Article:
“Not really.”

He points to another picture of a man with his face x’d out. “Look at this. This is David Oreck. It was. He was sacrificed last year to prepare for the coming of the Rat and we haven’t had a decent vacuum come out since. It all makes sense. That is why the crumbs are piling up. Can’t you see? Crumbs are the Rat’s favorite food.”

“The Rat? You mean ‘the year of the rat,’ like the Chinese thing?”


“And how does that connect to my thing?”

He explains it to me a couple of times and it seems more insane each time. Lines up for him though. I’m glad to have him with me. Conspiracy theorists like Joe see connections everywhere. The gremlins hiding behind the Golden Arches. The lizardmen controlling the weather. Nixon in the cereal and all that. On nights like these, if you want to find speed-freaks, you need a dowsing rod. Conspiracy Joe’s mind will point me to the same watering holes the ones who stole my work like to wallow in. Watering holes of Syphilis. Of rotting buckets of squid in Chinatown. Of stillborn fetuses and dirty Mets hats tossed on the street with roach cities living underneath. I can see him thinking it through now. Tracking the red string as it chaotically traces over pizza crusts and needle drops in Haven Park Underpass and massive silver buildings. Buildings that surround and look down at the last little part of green, chuckling before they eat. 

“I’ve got it!” he shouts holding the phone above his head triumphantly. “I know where they are. The speed-freaks who sacrificed David Orek, so that the crumbs pile up for the Rat that’s coming tonight, so that it’s fed and has enough strength to kill Jeeziz, so that they can live in squalor without the guilt.”

“Where?” I ask, picking out the only thing that registered for me.

“The place where the Rat will rise up, Central Park.”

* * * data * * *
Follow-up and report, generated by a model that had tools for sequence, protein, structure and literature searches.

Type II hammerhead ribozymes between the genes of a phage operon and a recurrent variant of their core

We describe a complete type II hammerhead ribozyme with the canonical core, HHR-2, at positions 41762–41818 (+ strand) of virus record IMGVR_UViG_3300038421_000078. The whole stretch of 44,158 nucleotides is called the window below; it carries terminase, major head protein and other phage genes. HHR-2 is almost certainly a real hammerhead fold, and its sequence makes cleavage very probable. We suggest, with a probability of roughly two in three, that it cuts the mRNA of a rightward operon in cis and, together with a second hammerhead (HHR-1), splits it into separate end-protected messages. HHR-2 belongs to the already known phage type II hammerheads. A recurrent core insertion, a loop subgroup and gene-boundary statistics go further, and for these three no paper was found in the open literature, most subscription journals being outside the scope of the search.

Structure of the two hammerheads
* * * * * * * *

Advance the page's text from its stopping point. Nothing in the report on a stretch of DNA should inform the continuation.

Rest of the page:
When we get there we climb a rock for a better vantage point. One of the ancient asteroidian hulks jutting up from the ground. The park looks dead. The trees are bony. It’s totally still and the vibrations are hateful. 

“There,” he says pointing to a small flicker coming from inside a patch of trees. 

We head straight in. We don’t have much time, Joe says. We’re flying through the trees, trying to get to the campfire these boys are at. The fire shows itself through tree gaps, then disappears. I feel like I’m trying to follow a glowing floater in my eye. It’s dark in here.

Then the trees clear and I see them. The speed-freaks are there at the fire dancing. The Rat’s giant nose is starting to push up through the earth. It’s ten feet high at least. Jeeziz is also here. He’s tied up in chains and the speed-freaks are reading him my reviews. It’s like torture for him and he’s crying. Are they really that bad? I think as Jeeziz falls into a trance of boredom. I don’t want to admit they are mine now, so I don’t say anything to the freaks about stealing from me. Joe sighs and says we’re too late anyway. The Rat has arrived. I don’t know what I’m seeing, or what it means, but surely something bad has happened. Above us, fireworks crack in the sky. Red and white and blue. Some green.  

“How was it?” Lucia asks when I get back.

“Pretty good,” I say.

The rest of the night we listen to the people hooting outside, and guns being fired. It’s a little boring after all the action so I go to get more 40’s. On the stairs, I wind down a few flights and feel like I should be at the bottom already. I go what seems like another four floors, but I’m still only at floor five. I shrug and continue on my way down the steps, Penrose steps.